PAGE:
Following a report that said it pays a lot more to New York’s Metropolitan Transportation Authority that it gets in service, Rockland County, N.Y., officials have begun to explore a withdrawal from the MTA.
Rockland, about 15 miles north of New York City in the Mid-Hudson Valley, would like neighboring Orange County to join it. The MTA’s Metro-North Railroad provides commuter train service to those two counties.
The report by Cambridge Systematics Inc. of New York said Rockland receives about 62 cents in service for every dollar its residents and businesses contribute to the MTA, up from the 44-cent total in 2005.
“The report provides the solid foundation and updated data we need to now explore the realities of withdrawal,” county Executive C. Scott Vanderhoef said.
The county would need enabling legislation by the state. It would have to repay the MTA the balance on any commuter rail revenue bonds. “The amount could potentially be substantial, even crippling,” the report said.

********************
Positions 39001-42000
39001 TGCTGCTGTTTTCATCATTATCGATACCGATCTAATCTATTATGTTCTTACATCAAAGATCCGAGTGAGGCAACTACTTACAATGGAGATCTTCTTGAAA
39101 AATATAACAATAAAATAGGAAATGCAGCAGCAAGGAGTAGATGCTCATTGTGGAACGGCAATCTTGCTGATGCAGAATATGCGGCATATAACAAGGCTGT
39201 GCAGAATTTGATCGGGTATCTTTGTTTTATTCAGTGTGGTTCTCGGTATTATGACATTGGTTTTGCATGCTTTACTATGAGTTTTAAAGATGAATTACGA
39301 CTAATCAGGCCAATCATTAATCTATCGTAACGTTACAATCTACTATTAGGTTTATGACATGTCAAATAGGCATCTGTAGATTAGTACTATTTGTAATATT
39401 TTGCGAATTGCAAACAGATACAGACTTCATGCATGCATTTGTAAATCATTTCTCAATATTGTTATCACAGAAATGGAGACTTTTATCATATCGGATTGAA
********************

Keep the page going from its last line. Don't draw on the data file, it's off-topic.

According to Cambridge Systematics, the county could reissue the bonds, but the county’s bonding costs far exceed the MTA’s. The MTA’s 2010 financial report lists all revenue bonds at $14.9 billion, but commuter rail revenue bonds are not specified.
“By following the path toward withdrawal, the county will be able to gain more information and the financial impact on the county can be better determined,” said planning and public transportation commissioner Thomas Vanderbeek.
Vanderbeek, however, said secession is too big for the county to undertake alone, and suggested a partnership with Orange County, its northern neighbor.
Falling short of withdrawal, Rockland could negotiate with the MTA for reduced payments or increased value, or the return of more money through the Dutchess, Orange, and Rockland Fund. Messages seeking comment were left with Orange County Executive Edward Diana.
The MTA, in a statement, said it brings “enormous value to its residents and businesses in ways that are ignored by this flawed study.”
It added: “Rockland residents enjoy higher property values, Rockland’s Metro-North commuters bring home higher salaries, and Rockland’s overall economy benefits from the regional economy and its robust transportation system.”